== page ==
One of the first principles taught in Lean training is defining and demonstrating how to see Waste, or non-value-added effort.  Learning Lean in a healthcare setting taught me to identify waste not only at work, but everywhere I go.  It drives my husband crazy because I continuously point out waste and improvement opportunities wherever we go, including restaurants, airports, retail shops, and – I hate to admit it – even in our home. Most recently, we visited a sub sandwich restaurant, where I observed a Lean sandwich making process.

If you’re not familiar with Which Wich, upon entering the restaurant you find a wall lined with categorized paper bags correlating with a sandwich on a menu board.  To select a sandwich, you pull a bag and then use a pen to mark options to customize exactly what you want.  Next, an associate reviews your bag, identifies any defects, rings you up and places the bag on an overhead wire.  The bag is moved down the line as the sandwich is being made and customized.  At the end of the line, the sandwich is placed in the bag and another associate calls out your name when your order is ready.


My daughter and her friends choosing their sandwich at Which Wich.



Which Wich Sandwich Bag

This single piece flow operation adheres to an IDEAL process:

DEFECT FREE—exactly what the customer wants (customer fills in circles on bag as to what he/she would like)

ONE-BY-ONE—customized to each individual customer (fresh sandwich, not made in advance, and configured on the assembly line)

ON DEMAND—exactly as requested (single piece flow – not batched)

IMMEDIATE RESPONSE—problems or changes (associate at register reviews for clarity and immediately identifies missing information)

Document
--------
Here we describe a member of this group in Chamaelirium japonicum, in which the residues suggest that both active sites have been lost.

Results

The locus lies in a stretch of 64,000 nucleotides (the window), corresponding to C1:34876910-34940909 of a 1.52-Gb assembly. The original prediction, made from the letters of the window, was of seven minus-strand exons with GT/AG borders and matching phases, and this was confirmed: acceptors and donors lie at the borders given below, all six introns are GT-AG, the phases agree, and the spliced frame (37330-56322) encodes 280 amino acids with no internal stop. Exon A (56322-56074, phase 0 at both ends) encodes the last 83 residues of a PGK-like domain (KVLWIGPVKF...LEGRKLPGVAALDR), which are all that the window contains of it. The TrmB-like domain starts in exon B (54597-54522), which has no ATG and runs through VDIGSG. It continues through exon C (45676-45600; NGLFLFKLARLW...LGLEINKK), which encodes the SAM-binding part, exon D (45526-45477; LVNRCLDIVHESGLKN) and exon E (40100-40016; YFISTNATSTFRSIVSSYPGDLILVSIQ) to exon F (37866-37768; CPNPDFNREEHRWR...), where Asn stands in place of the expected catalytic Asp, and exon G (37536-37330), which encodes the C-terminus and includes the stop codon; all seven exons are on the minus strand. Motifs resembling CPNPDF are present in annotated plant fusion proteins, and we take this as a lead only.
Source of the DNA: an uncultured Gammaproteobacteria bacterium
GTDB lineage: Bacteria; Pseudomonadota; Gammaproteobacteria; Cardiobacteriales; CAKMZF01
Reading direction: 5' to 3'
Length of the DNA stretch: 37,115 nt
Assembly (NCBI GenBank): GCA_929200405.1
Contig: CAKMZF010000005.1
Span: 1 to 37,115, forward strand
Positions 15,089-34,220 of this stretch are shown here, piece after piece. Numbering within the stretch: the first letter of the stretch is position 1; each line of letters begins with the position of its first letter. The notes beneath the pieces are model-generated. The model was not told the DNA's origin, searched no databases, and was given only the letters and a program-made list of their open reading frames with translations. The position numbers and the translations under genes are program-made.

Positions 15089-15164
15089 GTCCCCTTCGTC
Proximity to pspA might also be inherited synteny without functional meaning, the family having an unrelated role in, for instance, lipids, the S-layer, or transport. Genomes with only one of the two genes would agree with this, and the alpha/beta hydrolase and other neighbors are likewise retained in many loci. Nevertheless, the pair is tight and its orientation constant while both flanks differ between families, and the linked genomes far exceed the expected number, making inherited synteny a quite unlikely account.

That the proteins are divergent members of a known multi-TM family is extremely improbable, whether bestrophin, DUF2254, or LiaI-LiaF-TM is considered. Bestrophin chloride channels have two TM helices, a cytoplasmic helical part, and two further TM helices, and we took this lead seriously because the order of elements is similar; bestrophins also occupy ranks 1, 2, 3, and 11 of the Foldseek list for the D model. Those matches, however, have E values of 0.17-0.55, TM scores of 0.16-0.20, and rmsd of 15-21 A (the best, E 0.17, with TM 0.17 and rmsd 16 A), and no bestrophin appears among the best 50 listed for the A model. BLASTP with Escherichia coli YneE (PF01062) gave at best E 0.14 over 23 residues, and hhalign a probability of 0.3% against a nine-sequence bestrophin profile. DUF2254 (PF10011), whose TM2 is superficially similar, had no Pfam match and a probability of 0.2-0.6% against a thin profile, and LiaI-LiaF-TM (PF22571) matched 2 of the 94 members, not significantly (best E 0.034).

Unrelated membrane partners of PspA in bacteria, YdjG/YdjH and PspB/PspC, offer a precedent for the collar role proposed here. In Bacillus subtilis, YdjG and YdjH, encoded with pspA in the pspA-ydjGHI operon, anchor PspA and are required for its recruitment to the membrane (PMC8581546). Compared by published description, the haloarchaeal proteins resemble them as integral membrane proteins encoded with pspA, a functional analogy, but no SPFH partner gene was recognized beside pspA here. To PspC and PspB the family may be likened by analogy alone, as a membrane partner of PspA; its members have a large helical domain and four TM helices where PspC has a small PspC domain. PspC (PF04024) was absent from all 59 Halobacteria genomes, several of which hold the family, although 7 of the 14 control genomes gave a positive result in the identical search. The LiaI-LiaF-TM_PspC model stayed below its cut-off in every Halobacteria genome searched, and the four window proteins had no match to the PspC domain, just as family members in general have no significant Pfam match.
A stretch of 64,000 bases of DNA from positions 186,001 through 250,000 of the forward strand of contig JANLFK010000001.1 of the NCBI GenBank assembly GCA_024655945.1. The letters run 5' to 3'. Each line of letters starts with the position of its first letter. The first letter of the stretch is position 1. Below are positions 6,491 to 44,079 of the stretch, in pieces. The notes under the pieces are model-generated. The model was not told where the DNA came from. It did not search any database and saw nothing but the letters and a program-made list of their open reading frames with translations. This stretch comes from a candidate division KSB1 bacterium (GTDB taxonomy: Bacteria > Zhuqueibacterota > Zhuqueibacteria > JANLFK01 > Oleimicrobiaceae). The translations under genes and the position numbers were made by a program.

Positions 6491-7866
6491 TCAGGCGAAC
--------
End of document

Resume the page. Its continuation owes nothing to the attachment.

NO WASTE (no confusion as to what is available – items are listed on the bag, no overproduction of sandwiches –limited transportation/motion – bag that is written on for order is the bag you receive your sandwich in, and no excess processing – sandwich is made right the first time)

SAFE—customers and staff (staff feel competent and comfortable with their process to safely provide their customer with a safe product)

These principles can easily be applied in a Lean Healthcare setting.  As you are looking to improve a process, ask yourself the following questions:

  • Does the process provide the patient with exactly what he/she wants or needs (DEFECT FREE)?
  • Is the process customized ONE-BY-ONE to each individual patient?
  • Is the process ON DEMAND, exactly as the patient requested it?
  • Is there a way to identify a problem or change in the process IMMEDIATELY?
  • Can you identify any WASTE in the process?
  • Is the process SAFE for patients, staff, and clinicians?

EinbeckNicole_resizeToday’s blog was written by Nicole Einbeck, lean design consultant with HPP.

Nicole works primarily in healthcare lean led design and facility consulting services, involving improving workflow and documenting new standards. 

For nearly two decades, Nicole has worked across the healthcare field, including human resources, risk management, occupational health, employee health, safety and wellness, and process improvement. She spent five years assisting in the Lean transformation at Monroe Clinic in Monroe, Wisconsin, where she also served as the Clinic’s move project manager and process improvement specialist. 

Nicole holds a Bachelor’s degree in Health Promotion/Wellness and Psychology from the University of Wisconsin, Stevens Point.

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